Professors and physicians continuously tell me they hope I can overcome the challenge of having a chronic disease during medical school. I didn't understand that until recently. Although I want to be heavily involved in other activities other than academics, I need realistic expectations about what my body will allow me to do. The most important part of being a doctor is learning the information that will allow me to help my patients. My experience with Crohn's disease already taught me more than any person can about interactions with patients. Right now, I need to focus on staying healthy, and doing the best I can academically.

As much as I hate to admit it, I need to say no to many more things than I can say yes to. Thankfully, I found my way into working with the CCFA on projects and another student excited to start a young adult support group. This way, I can be involved with helping others, while still finding the support I need to overcome my disease.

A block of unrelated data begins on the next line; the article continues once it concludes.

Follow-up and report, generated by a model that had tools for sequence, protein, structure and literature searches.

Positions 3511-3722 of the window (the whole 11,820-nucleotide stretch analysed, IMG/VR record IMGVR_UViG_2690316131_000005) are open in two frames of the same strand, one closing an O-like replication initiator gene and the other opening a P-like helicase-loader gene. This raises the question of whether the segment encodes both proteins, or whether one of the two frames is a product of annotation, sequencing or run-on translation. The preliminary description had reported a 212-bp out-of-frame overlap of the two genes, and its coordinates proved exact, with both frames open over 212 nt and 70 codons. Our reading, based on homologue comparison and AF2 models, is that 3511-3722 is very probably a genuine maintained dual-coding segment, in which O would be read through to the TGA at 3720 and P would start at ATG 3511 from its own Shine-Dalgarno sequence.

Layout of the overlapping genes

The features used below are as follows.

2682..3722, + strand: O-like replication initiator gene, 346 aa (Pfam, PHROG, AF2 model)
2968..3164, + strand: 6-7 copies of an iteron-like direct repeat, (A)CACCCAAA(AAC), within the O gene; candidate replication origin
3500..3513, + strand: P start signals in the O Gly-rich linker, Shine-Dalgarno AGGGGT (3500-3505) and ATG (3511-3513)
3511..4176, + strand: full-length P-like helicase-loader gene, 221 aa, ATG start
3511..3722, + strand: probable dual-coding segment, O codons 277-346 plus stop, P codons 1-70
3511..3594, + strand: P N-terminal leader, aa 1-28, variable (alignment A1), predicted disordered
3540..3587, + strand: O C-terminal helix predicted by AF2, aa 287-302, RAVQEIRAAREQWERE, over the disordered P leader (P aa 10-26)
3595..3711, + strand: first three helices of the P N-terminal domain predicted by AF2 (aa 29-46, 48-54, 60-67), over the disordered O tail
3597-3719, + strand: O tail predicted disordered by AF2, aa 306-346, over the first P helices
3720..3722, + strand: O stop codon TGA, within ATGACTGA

In a disease that is so dependent on low stress levels, I've learned to truly plan my time and understand my capabilities. Although I'm not as involved as many of my classmates outside of school activities, I have as much on my plate as my body can handle. And I'm okay with that.

Once, I thought I would be spending these four years taking Madison by storm. Now, I'm excited to continue to learn about the human body and how to make it well, along with continuing to fight for my own health. I will survive and I will become the best physician I possibly can.